How to Upgrade Your Terrible Christmas Gifts into Michelin-Starred Treats
A belated but useful guide to spending your money
Did you get another necktie but won’t need to go into the office until the summer? Somehow ended up with three potato mashers (as one friend did)? Cash in that gift receipt and let’s see if we can’t get you set up with something legit…
Nomad Egg Nog to age for next year
Leo Robitschek, the vice president of food and beverage for Sydell Group (which owns and manages The Nomad) developed the recipe for this egg nog when he was at Eleven Madison Park. “It has been modified slightly with changes in the spirits, the addition of cinnamon and Frangelico to add nuttiness,” he tells me. He added a LOT more booze: Bourbon, Dark Rum, Cognac, and Scotch whisky round out the alcoholic ingredients, making the beverage clock in at over 20% ABV.
Because of the alcohol, this egg nog can and should be aged—Lobitschek has done it for up to two years for various experiments and has lived to tell the tale. He notes that it mellows out the concoction, while adding complexity. It comes in two sizes: 16 oz for $36 and 26 oz for $50. An investment for your post-pandemic self.
Pandemic-themed gear from The Four Horsemen
If you’re the type that wants a momento from what will probably end up being the most traumatizing year of your life, you’re in luck: The Four Horsemen wine bar in Williamsburg has updated its logo so the imbibing quartet are all wearing colorful face masks. The new design is available on totes and t-shirts, but I like it the best on this $25 blanket, which will come in handy for the three more months of frigid outdoor dining that we’ll endure as we try to get to the end of the COVID tunnel.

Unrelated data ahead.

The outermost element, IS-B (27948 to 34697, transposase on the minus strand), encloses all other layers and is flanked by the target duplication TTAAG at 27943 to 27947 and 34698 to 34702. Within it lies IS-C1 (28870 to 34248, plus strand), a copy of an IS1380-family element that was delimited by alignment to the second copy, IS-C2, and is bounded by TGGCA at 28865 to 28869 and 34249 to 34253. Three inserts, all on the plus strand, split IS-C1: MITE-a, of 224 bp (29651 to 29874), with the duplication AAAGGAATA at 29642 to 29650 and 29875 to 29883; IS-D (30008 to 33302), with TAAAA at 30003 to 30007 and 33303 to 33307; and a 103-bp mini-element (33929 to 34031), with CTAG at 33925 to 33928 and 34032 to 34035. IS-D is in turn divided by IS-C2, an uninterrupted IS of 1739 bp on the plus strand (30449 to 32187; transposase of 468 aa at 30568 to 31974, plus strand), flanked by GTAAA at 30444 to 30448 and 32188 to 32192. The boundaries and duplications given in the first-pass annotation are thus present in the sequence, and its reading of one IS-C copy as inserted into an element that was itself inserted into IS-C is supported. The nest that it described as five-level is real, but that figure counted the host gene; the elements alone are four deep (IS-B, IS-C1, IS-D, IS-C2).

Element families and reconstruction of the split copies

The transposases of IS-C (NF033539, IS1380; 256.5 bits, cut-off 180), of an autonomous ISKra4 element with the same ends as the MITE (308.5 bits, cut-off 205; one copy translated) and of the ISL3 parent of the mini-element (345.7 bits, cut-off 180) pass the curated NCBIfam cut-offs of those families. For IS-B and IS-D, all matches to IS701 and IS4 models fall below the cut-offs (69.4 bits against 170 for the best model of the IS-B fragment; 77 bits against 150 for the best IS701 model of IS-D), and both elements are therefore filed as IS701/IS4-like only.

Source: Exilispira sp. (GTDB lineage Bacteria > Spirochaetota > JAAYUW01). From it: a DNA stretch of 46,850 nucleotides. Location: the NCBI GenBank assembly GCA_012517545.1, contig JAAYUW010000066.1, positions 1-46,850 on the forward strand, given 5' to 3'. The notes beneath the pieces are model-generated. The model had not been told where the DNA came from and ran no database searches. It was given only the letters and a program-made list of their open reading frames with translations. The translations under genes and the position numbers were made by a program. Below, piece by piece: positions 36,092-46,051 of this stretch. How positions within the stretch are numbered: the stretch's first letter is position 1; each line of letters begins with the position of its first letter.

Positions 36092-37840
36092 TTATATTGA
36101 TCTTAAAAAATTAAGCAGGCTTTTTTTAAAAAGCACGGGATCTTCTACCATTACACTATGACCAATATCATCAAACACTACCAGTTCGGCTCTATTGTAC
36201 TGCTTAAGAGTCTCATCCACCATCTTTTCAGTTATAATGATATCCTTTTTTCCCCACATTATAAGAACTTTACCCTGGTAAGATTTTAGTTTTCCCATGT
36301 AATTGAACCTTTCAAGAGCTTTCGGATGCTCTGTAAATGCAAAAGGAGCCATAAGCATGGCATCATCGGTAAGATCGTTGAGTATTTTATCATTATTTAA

Ingredients from Sushi Noz
I wrote about Noz Market the other day and highlighted some of their more pricey items (a $600+ king crab comes to mind), but the move here is to load up on the house-made seasonings that can elevate your slab of supermarket fish or salad into something elite (or as the kids say these days, “zhuzh it up”). The bottles are on the smaller side, but an entry cost of six bucks for three or four meals worth of Michelin-grade ingredients is worth the trip to the Upper East Side.
Coffee with Eric Ripert’s face on it
Due to the current restrictions, Le Bernardin’s doors are closed. But in the two months that the restaurant reopened, Ripert used the platform to introduce a variety of co-branded products that are still available for sale: caviar, spices, and coffee. Only one of the items has the three-Michelin Star chef’s face on it, and at $13.99 a bag, is basically the same price as Stumptown or Variety’s blends. I recommend using it for cold brew, something not normally offered at the restaurant, while the chef judges you from across the kitchen.
The numbers over the holiday weekend are a bit skewed due to limited testing, but regardless, they are not good: New York City’s 7-day positivity rate is now over 7%—matching numbers from mid-May. Over the past week, the number of new cases range between 3000-4000 a day, and total hospitalizations continue to rise despite a relatively stable number of new hospitalizations per day. De Blasio and Cuomo have both suggested that a full lockdown—essential businesses only, no outdoor dining—could come as early as this week.
What I’m Eating
I ate, photographed, and wrote about Eleven Madison Park’s $475 Duck Dinner for Bloomberg. The Playstation 5 of takeout meals, the demand for this was so high that there was a waiting list. Resist the urge to shake the class warfare tree in order to harvest the lowest hanging fruit, and instead read all about it on the Bloomberg website.
Many thanks for supporting the newsletter this year! I’ll see ya in 2021!